A 10-year-old cancer survivor is participating in a clinical trial to help kids like himself

“I think I went extra hard on myself because I know it was going for a good cause,” says Jack (second from right), pictured with his family.

Ten-year-old Jack Higgins beat cancer.

But the cancer treatment that saved his life often poses additional health challenges later in life. So Jack joined a second clinical trial aimed at helping child survivors like himself lead healthier lives.

Cancer treatment side effects that persist or arise months or sometimes years afterward are known as late effects. About 60% of childhood cancer survivors experience late effects, according to the Children’s Oncology Group (COG), which is the world’s largest research organization devoted to childhood and adolescent cancer research with more than 200 hospitals and institutions participating in its trials.

The late effects clinical trial Jack joined is evaluating how well an online, interactive, rewards-based program engages young survivors, aged 8 to 15 years, in physical activities and improves long-term health.

“Exercise positively impacts our physical and overall health, and that’s what this research study is all about,” said Rebecca McFall, MD, pediatric oncologist and principal investigator for the trial at Advocate Children’s Hospital in Illinois. “Although cancer treatments are administered as safely as possible, they can have serious side effects for the growing child, such as a loss of bone and muscle mass and altered coordination and strength. To help childhood cancer survivors return to baseline, we need to optimize other health factors.”

Participation in the late effects trial ALTE1631 (NCT03223753) was offered to Jack and his parents after he completed more than three years of chemotherapy treatment for acute lymphocytic leukemia, the most common cancer affecting children.

“I thought it was a really cool idea and a great opportunity for Jack,” said Kelly Higgins, Jack’s mom. “Part of me wonders and is curious about the correlation between his treatment and his physical health, sickness and things like that. And, of course, I would always do whatever we can to help other families in the future as well. Knowledge is power.”

The late effects trial arose from the work conducted by the COG Late Effects Committee, a team of pediatric physicians and health care providers who have an interest and expertise in this field. Late effects research protocols are focused on identifying health issues childhood cancer survivors experience after therapy and learning best practices for modifying or improving them.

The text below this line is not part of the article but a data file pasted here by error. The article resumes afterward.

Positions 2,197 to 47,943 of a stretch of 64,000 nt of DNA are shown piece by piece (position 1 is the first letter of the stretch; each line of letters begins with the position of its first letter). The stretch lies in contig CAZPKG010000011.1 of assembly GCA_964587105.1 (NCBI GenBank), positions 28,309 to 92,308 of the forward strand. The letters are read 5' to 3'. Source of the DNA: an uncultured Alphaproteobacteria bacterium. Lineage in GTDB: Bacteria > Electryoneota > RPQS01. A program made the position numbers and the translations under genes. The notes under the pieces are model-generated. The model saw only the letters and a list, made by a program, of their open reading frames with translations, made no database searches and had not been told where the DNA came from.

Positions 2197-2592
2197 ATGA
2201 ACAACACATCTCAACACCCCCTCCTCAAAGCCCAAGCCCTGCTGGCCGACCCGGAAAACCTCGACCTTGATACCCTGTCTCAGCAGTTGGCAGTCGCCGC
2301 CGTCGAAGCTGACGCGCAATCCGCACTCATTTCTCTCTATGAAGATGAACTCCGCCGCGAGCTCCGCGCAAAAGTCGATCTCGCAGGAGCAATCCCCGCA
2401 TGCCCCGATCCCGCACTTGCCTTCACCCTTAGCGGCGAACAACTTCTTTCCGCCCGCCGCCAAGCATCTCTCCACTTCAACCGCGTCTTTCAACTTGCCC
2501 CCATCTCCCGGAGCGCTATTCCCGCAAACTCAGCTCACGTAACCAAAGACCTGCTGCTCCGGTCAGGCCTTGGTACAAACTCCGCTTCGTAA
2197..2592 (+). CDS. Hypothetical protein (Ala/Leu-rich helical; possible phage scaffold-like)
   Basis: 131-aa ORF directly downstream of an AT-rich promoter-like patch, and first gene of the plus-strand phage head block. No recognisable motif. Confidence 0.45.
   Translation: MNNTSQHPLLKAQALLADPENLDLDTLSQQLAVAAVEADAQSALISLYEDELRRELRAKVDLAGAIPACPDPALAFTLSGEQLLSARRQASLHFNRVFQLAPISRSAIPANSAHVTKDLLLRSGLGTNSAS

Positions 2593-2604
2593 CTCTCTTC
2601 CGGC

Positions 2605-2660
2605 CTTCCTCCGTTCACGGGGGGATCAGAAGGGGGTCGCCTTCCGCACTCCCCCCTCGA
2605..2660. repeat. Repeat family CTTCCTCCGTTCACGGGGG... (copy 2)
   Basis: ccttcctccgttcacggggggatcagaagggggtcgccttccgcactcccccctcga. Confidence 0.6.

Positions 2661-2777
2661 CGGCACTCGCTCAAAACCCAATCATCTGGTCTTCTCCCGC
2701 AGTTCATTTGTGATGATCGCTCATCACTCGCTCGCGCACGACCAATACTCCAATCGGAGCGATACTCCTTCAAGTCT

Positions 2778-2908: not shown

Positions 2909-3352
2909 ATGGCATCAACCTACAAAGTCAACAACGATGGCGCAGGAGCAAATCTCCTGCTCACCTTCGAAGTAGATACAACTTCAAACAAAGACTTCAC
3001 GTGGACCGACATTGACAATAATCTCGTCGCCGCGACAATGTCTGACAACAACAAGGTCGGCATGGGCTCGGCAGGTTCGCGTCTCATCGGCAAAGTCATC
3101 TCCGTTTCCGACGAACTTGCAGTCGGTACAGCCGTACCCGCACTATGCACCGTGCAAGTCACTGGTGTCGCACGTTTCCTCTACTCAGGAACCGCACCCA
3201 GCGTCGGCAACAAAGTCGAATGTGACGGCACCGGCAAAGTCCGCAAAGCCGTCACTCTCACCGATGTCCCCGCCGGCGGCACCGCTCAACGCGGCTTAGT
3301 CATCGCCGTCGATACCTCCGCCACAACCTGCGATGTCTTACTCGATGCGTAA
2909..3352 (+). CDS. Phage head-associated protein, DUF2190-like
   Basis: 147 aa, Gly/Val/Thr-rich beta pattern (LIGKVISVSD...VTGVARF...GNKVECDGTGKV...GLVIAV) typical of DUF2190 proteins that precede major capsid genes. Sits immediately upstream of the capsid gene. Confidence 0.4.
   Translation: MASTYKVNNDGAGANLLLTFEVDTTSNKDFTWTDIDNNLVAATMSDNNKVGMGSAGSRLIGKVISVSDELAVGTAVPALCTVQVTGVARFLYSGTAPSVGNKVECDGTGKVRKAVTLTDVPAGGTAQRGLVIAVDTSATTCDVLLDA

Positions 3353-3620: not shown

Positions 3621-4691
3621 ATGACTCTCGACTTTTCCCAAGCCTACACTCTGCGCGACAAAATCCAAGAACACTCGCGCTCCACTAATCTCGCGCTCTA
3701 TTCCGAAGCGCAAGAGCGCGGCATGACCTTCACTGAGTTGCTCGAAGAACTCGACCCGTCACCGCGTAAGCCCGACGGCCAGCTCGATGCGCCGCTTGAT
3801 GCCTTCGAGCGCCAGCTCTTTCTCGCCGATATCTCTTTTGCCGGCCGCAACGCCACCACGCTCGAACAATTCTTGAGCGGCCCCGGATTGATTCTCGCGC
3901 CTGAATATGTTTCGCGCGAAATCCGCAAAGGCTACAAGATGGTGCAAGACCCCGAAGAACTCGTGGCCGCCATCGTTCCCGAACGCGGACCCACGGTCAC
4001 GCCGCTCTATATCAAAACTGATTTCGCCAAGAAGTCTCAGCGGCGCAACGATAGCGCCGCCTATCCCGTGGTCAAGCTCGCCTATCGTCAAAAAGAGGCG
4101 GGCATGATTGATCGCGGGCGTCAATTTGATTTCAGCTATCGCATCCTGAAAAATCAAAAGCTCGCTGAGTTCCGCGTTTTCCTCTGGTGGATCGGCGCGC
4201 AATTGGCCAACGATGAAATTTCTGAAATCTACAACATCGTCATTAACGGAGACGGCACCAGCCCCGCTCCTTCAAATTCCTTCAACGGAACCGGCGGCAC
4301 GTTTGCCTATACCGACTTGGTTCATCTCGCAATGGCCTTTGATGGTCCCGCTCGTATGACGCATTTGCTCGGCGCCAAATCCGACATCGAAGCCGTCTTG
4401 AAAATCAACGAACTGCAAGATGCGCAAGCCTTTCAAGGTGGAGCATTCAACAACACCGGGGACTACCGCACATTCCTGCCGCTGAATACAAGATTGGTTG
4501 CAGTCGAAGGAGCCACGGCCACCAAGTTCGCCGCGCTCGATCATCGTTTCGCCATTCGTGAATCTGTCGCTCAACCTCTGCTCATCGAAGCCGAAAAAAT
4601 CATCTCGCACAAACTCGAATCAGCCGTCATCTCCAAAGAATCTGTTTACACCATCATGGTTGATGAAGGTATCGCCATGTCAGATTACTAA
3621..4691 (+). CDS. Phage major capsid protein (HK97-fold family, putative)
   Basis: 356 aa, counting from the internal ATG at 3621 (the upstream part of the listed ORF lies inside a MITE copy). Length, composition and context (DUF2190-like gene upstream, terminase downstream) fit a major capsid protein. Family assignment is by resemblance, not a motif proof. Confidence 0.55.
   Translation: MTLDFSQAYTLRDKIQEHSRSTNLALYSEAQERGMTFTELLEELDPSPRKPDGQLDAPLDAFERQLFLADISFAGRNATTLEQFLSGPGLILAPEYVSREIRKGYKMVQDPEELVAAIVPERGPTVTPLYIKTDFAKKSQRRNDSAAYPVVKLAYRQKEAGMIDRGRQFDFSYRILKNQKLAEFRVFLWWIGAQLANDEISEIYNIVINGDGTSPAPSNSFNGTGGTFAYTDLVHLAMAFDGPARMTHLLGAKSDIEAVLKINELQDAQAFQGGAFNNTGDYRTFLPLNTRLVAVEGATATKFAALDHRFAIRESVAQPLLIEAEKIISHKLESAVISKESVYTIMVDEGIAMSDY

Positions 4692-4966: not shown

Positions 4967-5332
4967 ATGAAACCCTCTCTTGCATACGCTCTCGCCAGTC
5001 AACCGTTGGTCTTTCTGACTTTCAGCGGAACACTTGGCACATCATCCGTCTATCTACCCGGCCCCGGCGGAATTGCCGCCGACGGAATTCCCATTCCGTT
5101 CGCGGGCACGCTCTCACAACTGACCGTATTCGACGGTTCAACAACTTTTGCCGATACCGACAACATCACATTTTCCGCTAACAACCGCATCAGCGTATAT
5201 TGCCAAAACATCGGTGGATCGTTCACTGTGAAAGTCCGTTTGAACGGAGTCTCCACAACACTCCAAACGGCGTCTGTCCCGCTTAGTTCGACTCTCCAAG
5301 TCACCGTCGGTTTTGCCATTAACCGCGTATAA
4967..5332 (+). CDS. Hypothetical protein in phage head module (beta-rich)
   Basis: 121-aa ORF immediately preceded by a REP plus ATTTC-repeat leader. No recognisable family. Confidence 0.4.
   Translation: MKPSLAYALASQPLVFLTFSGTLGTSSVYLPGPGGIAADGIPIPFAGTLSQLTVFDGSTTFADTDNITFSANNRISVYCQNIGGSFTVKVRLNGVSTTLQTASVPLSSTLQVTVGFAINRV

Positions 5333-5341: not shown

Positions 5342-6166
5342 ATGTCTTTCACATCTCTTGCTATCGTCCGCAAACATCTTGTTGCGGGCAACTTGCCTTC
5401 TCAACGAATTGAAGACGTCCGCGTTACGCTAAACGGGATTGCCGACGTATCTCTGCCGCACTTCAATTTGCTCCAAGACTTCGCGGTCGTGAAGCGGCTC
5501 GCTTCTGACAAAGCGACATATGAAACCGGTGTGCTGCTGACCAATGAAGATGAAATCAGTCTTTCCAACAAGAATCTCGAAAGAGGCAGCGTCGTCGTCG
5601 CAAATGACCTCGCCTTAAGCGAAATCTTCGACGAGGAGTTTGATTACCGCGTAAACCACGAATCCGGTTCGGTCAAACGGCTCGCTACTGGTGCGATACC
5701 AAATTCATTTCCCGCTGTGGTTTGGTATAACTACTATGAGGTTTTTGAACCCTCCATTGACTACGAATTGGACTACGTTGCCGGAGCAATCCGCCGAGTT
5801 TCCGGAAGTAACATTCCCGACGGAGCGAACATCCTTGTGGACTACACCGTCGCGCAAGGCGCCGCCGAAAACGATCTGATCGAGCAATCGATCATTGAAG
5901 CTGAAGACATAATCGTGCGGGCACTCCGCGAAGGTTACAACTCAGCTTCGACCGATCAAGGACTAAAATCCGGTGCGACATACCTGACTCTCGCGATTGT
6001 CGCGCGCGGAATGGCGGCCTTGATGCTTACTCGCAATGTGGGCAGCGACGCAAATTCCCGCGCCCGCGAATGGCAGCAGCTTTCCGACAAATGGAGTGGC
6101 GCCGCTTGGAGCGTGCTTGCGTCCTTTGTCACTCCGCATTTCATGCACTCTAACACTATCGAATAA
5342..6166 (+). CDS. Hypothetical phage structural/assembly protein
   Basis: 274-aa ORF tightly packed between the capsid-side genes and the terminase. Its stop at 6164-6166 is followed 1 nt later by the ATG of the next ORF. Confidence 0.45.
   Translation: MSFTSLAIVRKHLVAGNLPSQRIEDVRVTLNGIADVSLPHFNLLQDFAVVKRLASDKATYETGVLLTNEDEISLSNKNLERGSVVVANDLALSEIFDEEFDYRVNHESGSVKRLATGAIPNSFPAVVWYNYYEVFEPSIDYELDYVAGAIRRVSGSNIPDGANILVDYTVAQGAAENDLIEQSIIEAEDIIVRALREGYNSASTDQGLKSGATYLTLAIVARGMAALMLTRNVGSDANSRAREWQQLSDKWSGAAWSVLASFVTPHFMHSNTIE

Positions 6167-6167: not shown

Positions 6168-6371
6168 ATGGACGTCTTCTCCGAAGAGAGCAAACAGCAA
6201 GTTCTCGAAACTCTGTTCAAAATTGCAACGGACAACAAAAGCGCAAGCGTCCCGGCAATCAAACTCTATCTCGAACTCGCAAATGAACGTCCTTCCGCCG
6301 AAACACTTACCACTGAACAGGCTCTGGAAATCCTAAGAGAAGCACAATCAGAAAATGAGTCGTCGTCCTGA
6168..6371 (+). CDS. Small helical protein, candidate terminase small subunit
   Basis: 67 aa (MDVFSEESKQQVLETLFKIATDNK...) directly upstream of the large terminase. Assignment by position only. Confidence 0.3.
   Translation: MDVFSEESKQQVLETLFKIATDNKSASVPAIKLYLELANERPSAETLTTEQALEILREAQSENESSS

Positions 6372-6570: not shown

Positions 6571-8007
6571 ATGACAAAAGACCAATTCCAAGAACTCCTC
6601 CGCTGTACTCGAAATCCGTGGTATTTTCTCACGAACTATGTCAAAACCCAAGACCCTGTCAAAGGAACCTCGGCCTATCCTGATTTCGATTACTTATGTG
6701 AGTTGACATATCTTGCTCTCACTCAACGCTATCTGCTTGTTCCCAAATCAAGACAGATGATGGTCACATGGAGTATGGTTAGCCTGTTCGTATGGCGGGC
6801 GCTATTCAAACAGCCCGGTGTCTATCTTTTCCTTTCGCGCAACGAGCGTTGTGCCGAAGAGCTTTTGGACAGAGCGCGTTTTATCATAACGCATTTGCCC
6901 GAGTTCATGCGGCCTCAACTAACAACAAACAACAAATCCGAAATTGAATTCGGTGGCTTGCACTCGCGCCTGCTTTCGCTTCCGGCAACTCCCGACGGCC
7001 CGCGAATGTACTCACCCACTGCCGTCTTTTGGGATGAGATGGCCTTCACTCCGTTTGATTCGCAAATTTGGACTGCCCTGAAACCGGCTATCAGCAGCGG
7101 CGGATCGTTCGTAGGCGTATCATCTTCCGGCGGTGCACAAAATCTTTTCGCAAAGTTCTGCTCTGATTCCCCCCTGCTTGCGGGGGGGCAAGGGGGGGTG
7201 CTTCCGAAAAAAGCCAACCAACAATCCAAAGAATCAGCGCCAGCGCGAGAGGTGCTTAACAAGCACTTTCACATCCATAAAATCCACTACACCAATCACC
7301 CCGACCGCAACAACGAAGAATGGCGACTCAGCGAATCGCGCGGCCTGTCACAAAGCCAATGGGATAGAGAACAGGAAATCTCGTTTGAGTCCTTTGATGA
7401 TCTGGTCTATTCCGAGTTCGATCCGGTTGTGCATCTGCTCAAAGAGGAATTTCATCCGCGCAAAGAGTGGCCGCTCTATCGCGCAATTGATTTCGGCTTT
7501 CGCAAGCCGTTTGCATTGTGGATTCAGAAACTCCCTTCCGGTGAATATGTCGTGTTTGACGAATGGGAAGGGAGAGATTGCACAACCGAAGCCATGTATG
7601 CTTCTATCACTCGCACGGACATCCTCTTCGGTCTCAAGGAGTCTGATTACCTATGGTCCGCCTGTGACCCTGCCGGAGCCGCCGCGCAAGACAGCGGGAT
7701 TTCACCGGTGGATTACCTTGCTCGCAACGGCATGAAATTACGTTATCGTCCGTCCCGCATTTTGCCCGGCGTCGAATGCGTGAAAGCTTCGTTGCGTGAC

As a research participant enrolled in the trial, Jack received educational handouts and an activity tracker that’s worn on the wrist. Like all participants, he was randomized to one of two physical activity programs. Both programs are online, reward-based and continue for six months, but one was designed to be more socially interactive than the other.

Jack’s physical activity and fitness were monitored at the start of the program and at six, 12 and 18 months after completion through the tracker and an outpatient visit that included laboratory blood testing, a walking test, health questionnaires, school attendance, and measurements of his blood pressure, heart rate, height, weight and waist size.

Once participant enrollment goals are reached and all data have been collected, baseline levels and changes in physical fitness, activities, fatigue, quality of life and school attendance will be compared between the two program groups.

“There’s so much we don’t know yet about treatment late effects,” Dr. McFall said. “That’s why the COG late effects committee and research trials are so important. We need to ensure we help and advocate for childhood cancer survivors to ensure they are living the best and healthiest lives they can live.”

Although the trial continues, Jack’s participation is complete. “I think I went extra hard on myself because I know it was going for a good cause,” Jack said.

The “Late Effects” clinical trial is sponsored by COG in collaboration with the National Cancer Institute.

How you can help kids like Jack

You can support critical research and clinical trials that directly impact children like Jack. To learn more or to make a gift, contact Amy Valenzio at